Dear Lifehacker, I’m curious about Microsoft’s new browser for Windows 10 which I’ve yet to upgrade to. What’s new? Should I bother using it instead of Chrome or Firefox? Or is it just Internet Explorer with a new paint job? Sincerely, Edge of Tomorrow
Well, the good news is, this browser isn’t Internet Explorer. While the Windows default has improved over the years, Microsoft has finally given up on it. Instead, Microsoft is shipping the new Edge with Windows 10 which will replace Internet Explorer for good.
Of course, if you’ve already abandoned Internet Explorer this is irrelevant. The real question is, can it replace your existing browser? Here’s what we think after a month of playing around with it.
Microsoft announced that Edge would have support for extensions out of the box, and it’s even trying to make sure developers can port their extensions as easily as possible. However, the company also isn’t waiting around for other services to make their browser useful. Here are just a few things Edge can already do:
- Cortana is baked right in to get quick answers: Google has done some pretty neat things by adding quick answers and Google Now-like features to search, but nothing quite beats a fully integrated digital assistant. With Edge, you can select text and right-click to get information immediately, including definition of words, maps of addresses, or information on famous people. Unlike Google’s search, you can get that information without leaving the page or opening a new tab.
- Annotations and reading lists remove the need for some extensions: Edge allows you to save screenshots of web pages and write notes on them. It also includes a reading list feature that lets you save articles for later. Chrome or Firefox can do this with the help of extensions, but with Edge, it’s baked right in. If you’re a dedicated Evernote or Pocket devotee, this won’t mean much for you. If you just want to save an article every now and then without having to sign up for yet another service, it’s right up your alley.
- Reading mode strips the crap from articles: It is rage-inducing when you’re trying to read an article and giant banner ads push text down, videos fly over the page, or some rogue ad starts making noise. No one needs or likes that crap. While bookmarklets that can strip everything but the text have been around for a while, this is yet another thing that the browser just does.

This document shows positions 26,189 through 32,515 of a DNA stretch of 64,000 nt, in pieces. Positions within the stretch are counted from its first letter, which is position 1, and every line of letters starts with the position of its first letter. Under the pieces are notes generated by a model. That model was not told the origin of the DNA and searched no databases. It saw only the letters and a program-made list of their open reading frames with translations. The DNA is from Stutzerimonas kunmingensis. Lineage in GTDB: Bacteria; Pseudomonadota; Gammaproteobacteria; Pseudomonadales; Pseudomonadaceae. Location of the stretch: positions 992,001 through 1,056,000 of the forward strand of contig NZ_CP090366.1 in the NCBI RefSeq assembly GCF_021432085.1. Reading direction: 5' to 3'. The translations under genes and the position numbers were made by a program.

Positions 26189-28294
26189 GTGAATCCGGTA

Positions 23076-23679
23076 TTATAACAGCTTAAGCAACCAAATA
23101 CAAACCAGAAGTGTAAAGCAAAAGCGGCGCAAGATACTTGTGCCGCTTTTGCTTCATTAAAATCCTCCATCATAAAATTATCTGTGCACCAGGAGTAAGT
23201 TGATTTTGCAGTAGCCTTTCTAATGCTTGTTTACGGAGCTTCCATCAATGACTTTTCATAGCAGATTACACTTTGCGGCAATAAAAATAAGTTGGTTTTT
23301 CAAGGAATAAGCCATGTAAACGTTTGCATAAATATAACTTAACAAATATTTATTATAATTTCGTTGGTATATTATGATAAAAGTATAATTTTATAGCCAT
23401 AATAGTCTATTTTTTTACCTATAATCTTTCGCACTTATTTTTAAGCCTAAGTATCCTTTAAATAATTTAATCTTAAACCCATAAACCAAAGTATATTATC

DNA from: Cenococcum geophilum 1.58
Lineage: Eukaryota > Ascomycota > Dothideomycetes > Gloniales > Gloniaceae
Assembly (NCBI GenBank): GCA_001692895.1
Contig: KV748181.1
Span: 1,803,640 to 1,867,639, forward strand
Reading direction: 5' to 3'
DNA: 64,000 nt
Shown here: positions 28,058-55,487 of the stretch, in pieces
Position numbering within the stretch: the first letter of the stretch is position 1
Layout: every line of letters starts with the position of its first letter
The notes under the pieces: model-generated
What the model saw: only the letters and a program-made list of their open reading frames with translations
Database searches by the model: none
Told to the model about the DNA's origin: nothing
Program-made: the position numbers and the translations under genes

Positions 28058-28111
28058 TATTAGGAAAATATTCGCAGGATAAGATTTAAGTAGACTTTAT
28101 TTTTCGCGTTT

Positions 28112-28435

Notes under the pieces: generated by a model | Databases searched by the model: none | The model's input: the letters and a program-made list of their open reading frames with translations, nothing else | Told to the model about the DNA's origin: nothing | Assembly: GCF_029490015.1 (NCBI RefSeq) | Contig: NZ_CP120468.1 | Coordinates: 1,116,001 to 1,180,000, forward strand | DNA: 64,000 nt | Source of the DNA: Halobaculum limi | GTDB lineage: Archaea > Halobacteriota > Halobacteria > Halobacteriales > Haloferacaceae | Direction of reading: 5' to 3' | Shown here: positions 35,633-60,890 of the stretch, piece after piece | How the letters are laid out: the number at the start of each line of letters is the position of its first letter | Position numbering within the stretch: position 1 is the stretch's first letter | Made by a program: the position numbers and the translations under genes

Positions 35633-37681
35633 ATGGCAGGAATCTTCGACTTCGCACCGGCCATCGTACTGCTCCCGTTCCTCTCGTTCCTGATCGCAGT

Most of the time, browsers don’t need to do much, and extensions take care of many of the things that you want to add. However, the more crap you add to your browser, the more it gets bogged down (and we’ll talk about later). Edge doesn’t add a ton of crap, but what it does add is useful.
One of the most long-standing criticisms of Internet Explorer is that it lacks basic interoperability with web standards and other browsers. Put another way, pages that render fine in Chrome, Firefox, and Safari may still be broken in Internet Explorer because it just has to be different. Microsoft Edge is not in that boat.
In a recent Windows blog post, Microsoft’s Gabe Aul boasted about Edge’s significant performance gains over Google Chrome in its benchmarks:
- On WebKit Sunspider, Edge is 112% faster than Chrome
- On Google Octane, Edge is 11% faster than Chrome
- On Apple JetStream, Edge is 37% faster than Chrome
We’re really pleased with those performance gains and we hope that you’ll enjoy faster browsing with Microsoft Edge along with the many great features we’ve added over the last several builds.
As mentioned above, the speed face-off was conducted using benchmarks developed by Microsoft’s rivals; Google Octane, Apple JetStream and WebKit Sunspider.
The fact it’s an all-new browser means it’s not bloated yet. Chrome, for comparison, is a notorious resource hog. Just like Firefox was before it. Perhaps it’s because we rely on them for so much, but browsers have a habit of spiralling out of control with their resource usage.
At the moment, Edge’s comparative dearth of features and bulk makes it pretty great at staying slim. It might not replace a power user’s toolbox, but it is an excellent lightweight alternative. If you have a low-powered laptop, or an older computer you share with the house, Edge may be just what you need. Only the future knows if it will stay that way, but for now, there’s a lot less bloat to deal with.
Of course, if you’re a hardcore Chrome or Firefox user with a half dozen extensions, you probably won’t be tempted away immediately. For now, though, it does look promising. Microsoft is making an effort to add genuinely useful features to a browser that’s shedding its worst parts and starting over on a solid foundation.